doTerra (another EO company that provides high quality oils)
Google, naturally, is a fine place to start too. It’s how I started and found these resources. I know there’s more about there. Of course, one of my favorite places is to look on Pinterest. And I have found great information and blogs there. I have a board just on EOs and other remedies that I am constantly adding to.
Now that you have some information on what oils are and a few resources, how about a few definitions? Here are two terms that I have been asked about.
Carrier oil – a carrier oil is an oil that is used to carry the EO on your body. Simple enough, right? Some EOs are just too strong to put directly onto your skin. And for anyone with sensitive and delicate skin (like children and the elderly), carrier oils should always be used. Carrier oils can be any vegetable-based oil. When I first started, I had a few EOs that I used for cleaning but I didn’t have any special carrier oils. I literally went to the kitchen and got out my olive oil. And that’s just fine. Most people will have olive oil and/or coconut oil around which can be used as a carrier oil. Now that I use eos more often, I like to use sweet almond oil and jojoba oil. They are pretty easy to find and they are great for your skin. Another carrier oil you’ll see talked about a lot is FCO or fractionated coconut oil. This is coconut oil that has the long chain triglycerides removed – hence it is a fraction of the whole original oil. Because those triglycerides were removed, the oil is more saturated and therefore has a long shelf life. It’s also higher in anti-oxidants for this reason (source: Organic Facts).
Neat – This means that you’re putting the eo directly onto your skin without a carrier oil.
Ok, Plain Jane, now I know what they are, how to find out more about them, and what some of the terms are. Now what do I DO with them? This was my biggest question, too. When I started, I didn’t have empty dropper bottles or roller bottles. So I just dropped the oils into a small prep bowl from the kitchen and guesstimated the carrier oil. Then I scooped it from the bowl with my fingers and smeared it on the bottom of my youngest’s feet. Why there? Well the pores in the bottom of your feet are larger than anywhere else on your body so the oils are absorbed more quickly.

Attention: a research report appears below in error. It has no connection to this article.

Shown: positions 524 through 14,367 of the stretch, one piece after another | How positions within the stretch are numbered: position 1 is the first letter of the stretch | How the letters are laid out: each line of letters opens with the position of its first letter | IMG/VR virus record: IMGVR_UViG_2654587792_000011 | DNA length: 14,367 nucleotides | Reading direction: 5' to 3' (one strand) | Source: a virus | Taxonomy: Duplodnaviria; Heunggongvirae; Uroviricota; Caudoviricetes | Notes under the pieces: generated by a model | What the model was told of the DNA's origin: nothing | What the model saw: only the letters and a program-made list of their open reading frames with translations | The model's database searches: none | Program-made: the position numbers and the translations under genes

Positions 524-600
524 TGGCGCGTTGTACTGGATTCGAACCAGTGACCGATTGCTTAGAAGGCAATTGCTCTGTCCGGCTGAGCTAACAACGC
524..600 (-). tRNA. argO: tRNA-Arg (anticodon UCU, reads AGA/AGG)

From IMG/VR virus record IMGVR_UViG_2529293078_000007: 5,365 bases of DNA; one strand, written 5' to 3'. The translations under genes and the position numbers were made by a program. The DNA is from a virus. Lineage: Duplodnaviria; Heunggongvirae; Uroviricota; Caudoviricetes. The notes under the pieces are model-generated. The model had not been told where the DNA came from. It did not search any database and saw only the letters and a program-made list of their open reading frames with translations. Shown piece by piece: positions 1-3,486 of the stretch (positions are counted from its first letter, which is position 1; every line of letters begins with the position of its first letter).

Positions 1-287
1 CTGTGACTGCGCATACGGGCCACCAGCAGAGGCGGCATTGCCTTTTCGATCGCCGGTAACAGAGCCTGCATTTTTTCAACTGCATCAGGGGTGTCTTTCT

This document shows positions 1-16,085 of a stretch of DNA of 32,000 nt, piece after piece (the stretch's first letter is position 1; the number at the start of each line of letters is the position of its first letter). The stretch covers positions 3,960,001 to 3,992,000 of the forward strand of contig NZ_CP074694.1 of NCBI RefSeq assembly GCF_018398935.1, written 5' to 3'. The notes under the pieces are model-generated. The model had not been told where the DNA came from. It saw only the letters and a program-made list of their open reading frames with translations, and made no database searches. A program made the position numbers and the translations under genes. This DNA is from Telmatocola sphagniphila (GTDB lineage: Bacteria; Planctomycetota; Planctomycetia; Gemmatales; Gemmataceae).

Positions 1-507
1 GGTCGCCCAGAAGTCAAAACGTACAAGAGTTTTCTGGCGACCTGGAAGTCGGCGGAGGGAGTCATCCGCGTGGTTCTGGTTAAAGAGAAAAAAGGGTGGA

As I used eos more and more, I did buy roller bottles and filled those so I could easily roll the oils on the bottoms of feet. But you can put the oils other places too. Depending on what you need them for, I have put them on the back of the neck (nape-area), over the heart, temples/forehead (for headaches), and directly on the area experiencing pain. My husband uses the oils on his toe for gout and on his shins for shin splints. I use it directly on my back/shoulder for pain in those areas.
Ready to start? I personally have used oils from Aura Cacia, Mountain Rose Herbs, Plant Therapy, Ananda Apothecary, Young Living, doTerra, Wyndmere, and Spark Naturals. Based on the quality, affordability, and access, I pretty much exclusively use Spark Naturals. The oils are high quality and certified pharmagrade (which means you can use some of them internally as well, if you choose). Spark Naturals is not an MLM so you don’t have to purchase a certain amount each year or whatever the requirements may be for MLM companies (I honestly don’t know because that structure is what kept me from joining other eo companies even though they have great oils). They are a relatively new company with fantastic customer service, great prices, and flat-rate shipping ($6.49!). I have used Spark Naturals for a few months now and have been quite impressed. If you’d like to give them a try, you can get a 10% discount by using “plainjane” as a discount code during check-out.
(Disclosure – I am an affiliate with Spark Naturals.)